A related problem involves the aforementioned exodus from the inner city of financial resources, institutions, role models and jobs. Even in areas that have not been completely devastated, most households now stay afloat with two incomes. Traditionally, community organizing has drawn support from women, who due to tradition and social discrimination had the time and the inclination to participate in what remains an essentially voluntary activity. Today the majority of women in the black community work full time, many are the sole parent, and all have to split themselves between work, raising children, running a household and maintaining some semblance of a personal life — all of which makes voluntary activities lower on the priority list. Additionally, the slow exodus of the black middle class into the suburbs means that people shop in one neighborhood, work in another, send their child to a school across town and go to church someplace other than the place where they live. Such geographical dispersion creates real problems in building a sense of investment and common purpose in any particular neighborhood.

Finally community organizations and organizers are hampered by their own dogmas about the style and substance of organizing. Most still practice what Professor John McKnight of Northwestern University calls a “consumer advocacy” approach, with a focus on wrestling services and resources from the ouside powers that be. Few are thinking of harnessing the internal productive capacities, both in terms of money and people, that already exist in communities.

Our thinking about media and public relations is equally stunted when compared to the high-powered direct mail and video approaches success­fully used by conservative organizations like the Moral Majority. Most importantly, low salaries, the lack of quality training and ill-defined possibilities for advancement discourage the most talented young blacks from viewing organizing as a legitimate career option. As long as our best and brightest youth see more opportunity in climbing the corporate ladder-than in building the communities from which they came, organizing will remain decidedly handicapped.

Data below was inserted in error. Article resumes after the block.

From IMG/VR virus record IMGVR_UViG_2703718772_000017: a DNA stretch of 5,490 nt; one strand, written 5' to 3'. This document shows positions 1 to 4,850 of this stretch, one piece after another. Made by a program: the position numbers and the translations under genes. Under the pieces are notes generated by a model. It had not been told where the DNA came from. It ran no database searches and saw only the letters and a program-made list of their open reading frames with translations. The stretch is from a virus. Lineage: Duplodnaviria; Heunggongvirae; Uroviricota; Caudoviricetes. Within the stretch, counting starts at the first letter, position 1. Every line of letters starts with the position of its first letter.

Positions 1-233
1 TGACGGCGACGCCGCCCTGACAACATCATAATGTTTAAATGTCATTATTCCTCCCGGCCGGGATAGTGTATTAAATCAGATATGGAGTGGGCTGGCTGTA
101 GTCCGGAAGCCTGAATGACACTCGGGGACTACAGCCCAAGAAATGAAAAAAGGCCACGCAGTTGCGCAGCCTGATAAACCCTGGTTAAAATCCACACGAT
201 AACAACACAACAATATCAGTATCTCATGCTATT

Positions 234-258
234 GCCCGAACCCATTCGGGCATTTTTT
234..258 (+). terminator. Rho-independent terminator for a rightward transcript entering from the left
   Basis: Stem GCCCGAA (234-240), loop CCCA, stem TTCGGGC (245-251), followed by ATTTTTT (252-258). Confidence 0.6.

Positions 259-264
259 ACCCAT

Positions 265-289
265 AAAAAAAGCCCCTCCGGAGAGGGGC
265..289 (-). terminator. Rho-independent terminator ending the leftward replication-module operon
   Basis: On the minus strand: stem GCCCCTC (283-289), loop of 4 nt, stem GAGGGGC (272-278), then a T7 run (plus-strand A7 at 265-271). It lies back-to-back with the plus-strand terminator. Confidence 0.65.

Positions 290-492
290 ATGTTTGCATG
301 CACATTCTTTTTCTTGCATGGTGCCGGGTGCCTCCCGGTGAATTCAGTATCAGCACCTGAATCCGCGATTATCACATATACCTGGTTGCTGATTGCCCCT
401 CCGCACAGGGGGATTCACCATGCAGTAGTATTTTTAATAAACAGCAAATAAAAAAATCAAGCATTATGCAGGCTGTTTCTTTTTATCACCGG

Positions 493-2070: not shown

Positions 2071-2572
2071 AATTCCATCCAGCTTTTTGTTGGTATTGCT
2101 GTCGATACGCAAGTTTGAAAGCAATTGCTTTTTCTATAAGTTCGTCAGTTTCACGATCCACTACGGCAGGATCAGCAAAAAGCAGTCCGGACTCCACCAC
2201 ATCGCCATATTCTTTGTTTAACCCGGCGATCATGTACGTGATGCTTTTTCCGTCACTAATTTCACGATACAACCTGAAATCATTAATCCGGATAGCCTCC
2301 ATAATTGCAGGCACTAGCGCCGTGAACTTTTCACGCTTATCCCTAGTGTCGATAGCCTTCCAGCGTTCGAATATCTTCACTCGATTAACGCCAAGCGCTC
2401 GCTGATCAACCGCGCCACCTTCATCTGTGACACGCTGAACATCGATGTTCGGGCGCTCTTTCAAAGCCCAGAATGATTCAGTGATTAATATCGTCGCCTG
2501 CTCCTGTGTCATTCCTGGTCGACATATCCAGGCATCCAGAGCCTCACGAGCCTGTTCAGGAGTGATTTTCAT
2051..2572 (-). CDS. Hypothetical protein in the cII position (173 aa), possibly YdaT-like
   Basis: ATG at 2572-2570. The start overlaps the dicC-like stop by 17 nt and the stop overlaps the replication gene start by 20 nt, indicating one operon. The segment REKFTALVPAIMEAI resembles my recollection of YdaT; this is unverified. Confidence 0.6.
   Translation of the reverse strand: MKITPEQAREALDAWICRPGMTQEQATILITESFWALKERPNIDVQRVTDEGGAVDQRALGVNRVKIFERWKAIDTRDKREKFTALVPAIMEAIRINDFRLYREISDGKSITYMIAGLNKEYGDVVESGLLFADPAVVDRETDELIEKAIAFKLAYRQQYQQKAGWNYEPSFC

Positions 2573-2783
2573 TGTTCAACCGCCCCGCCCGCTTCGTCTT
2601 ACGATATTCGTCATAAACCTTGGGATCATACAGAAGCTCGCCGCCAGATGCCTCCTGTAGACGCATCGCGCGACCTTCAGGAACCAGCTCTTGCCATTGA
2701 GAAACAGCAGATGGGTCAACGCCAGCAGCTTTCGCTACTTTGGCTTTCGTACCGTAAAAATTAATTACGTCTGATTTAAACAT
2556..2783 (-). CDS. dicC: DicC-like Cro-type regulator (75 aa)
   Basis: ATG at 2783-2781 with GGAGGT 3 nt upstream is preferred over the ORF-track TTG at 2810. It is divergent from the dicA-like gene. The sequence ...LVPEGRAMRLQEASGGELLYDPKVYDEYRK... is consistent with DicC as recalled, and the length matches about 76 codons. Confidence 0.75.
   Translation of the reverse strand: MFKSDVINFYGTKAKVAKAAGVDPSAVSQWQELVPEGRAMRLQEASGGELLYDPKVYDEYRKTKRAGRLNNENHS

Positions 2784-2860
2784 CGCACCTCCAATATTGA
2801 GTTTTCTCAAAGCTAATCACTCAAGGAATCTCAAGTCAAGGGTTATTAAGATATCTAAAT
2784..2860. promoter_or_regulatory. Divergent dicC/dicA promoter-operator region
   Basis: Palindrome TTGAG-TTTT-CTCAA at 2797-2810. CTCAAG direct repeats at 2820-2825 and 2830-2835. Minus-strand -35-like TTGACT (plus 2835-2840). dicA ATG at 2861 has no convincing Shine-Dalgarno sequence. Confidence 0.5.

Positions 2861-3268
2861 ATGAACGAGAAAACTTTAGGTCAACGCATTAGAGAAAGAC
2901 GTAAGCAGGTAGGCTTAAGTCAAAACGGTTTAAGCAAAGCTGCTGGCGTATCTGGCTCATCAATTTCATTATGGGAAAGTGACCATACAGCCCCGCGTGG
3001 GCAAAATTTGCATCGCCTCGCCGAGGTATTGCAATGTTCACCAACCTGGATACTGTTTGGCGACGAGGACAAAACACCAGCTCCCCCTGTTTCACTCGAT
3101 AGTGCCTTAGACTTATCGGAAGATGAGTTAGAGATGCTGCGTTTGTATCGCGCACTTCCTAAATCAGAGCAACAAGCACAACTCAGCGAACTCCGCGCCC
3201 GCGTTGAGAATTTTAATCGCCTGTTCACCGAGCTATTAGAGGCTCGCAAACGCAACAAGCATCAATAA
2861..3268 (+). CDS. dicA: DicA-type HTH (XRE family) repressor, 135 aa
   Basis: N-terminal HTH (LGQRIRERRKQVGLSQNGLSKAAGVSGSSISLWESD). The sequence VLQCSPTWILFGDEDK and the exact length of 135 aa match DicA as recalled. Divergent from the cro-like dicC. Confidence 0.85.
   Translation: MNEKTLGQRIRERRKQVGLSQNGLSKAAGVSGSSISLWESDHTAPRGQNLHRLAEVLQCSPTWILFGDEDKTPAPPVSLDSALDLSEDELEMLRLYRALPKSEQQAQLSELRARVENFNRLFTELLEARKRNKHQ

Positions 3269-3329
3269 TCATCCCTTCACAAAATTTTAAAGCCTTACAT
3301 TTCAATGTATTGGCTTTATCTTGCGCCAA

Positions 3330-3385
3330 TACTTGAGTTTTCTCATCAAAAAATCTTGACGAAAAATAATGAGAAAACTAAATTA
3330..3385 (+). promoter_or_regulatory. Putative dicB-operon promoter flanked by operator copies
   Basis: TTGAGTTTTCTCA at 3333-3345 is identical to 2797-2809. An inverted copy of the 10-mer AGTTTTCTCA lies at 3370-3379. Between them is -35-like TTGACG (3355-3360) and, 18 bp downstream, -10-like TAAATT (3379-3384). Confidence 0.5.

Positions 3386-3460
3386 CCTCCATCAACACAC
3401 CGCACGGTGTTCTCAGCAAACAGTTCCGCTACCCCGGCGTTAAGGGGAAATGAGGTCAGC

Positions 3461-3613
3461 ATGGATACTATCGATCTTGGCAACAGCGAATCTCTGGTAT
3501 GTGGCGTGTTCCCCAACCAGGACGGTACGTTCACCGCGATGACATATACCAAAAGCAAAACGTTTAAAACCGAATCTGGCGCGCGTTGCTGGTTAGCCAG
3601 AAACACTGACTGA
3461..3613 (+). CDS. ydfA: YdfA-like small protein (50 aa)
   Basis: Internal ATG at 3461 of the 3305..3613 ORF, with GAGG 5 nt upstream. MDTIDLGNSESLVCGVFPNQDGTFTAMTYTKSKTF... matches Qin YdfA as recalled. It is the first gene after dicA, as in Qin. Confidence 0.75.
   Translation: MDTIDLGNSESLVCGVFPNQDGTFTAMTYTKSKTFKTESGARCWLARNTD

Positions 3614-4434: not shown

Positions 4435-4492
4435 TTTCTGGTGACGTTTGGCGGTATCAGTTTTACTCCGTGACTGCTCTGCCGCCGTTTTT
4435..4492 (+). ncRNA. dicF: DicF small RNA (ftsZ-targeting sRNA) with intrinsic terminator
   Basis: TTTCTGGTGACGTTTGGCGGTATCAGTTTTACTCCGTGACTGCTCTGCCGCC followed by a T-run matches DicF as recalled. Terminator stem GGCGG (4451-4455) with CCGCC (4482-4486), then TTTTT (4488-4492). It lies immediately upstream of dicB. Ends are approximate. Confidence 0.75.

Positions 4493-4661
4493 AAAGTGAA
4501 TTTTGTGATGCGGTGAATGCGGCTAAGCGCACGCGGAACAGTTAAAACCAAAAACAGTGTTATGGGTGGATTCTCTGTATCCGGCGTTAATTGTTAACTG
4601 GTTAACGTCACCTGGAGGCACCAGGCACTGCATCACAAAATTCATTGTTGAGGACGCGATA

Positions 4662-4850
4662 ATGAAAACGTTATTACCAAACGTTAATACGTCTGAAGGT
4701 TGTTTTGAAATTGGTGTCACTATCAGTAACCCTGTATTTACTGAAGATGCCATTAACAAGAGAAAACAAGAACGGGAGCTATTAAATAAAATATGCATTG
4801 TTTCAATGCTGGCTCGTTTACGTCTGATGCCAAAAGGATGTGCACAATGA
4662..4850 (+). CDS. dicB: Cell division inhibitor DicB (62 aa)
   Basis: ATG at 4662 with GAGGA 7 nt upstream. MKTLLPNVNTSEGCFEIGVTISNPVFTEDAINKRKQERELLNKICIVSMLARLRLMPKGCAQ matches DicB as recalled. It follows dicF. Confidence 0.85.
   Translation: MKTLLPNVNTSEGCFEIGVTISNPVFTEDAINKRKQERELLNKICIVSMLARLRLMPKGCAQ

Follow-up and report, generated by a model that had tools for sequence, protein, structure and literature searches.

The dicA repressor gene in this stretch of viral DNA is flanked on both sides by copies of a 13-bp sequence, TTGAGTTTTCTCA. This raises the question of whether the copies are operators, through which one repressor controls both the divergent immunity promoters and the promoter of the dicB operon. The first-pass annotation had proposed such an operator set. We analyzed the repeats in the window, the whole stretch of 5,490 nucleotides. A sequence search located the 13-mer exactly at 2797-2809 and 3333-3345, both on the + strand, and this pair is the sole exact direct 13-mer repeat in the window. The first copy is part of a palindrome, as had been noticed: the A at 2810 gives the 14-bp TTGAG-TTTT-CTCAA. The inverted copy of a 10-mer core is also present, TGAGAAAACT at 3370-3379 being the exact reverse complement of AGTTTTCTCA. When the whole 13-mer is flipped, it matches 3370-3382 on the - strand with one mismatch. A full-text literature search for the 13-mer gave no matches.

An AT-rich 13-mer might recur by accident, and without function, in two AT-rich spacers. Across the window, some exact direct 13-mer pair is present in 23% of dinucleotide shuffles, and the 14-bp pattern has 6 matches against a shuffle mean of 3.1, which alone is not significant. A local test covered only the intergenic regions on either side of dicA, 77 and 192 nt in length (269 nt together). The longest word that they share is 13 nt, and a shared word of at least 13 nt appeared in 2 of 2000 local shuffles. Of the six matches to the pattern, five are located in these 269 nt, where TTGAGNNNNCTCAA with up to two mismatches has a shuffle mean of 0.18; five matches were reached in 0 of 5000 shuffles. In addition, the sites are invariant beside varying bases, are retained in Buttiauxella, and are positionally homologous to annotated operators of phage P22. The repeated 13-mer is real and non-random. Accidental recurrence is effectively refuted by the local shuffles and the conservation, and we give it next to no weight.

An INCREDIBLE admission in Obama's own words.

More Obama quotes from Gilbert:
Nowhere is the promise of organizing more apparent than in the traditional black churches. Possessing tremendous financial resources, membership and — most importantly — values and biblical traditions that call for empowerment and liberation, the black church is clearly a slumbering giant in the political and economic landscape of cities like Chicago. A fierce independence among black pastors and a preference for more traditional approaches to social involvement (supporting candidates for office, providing shelters for the homeless) have prevented the black church from bringing its full weight to bear on the political, social and economic arenas of the city.
Over the past few years, however, more and more young and forward-thinking pastors have begun to look at community organizations such as the Developing Communities Project in the far south side and GREAT in the Grand Boulevard area as a powerful tool for living the social gospel, one which can educate and empower entire congregations and not just serve as a platform for a few prophetic leaders. Should a mere 50 prominent black churches, out of the thousands that exist in cities like Chicago, decide to collaborate with a trained organizing staff, enormous positive changes could be wrought in the education, housing, employment and spirit of inner-city black communities, changes that would send powerful ripples throughout the city.[....]

This whole chapter is almost word for word from Alinsky’s Rules For Radicals, which could be almost summed up this way: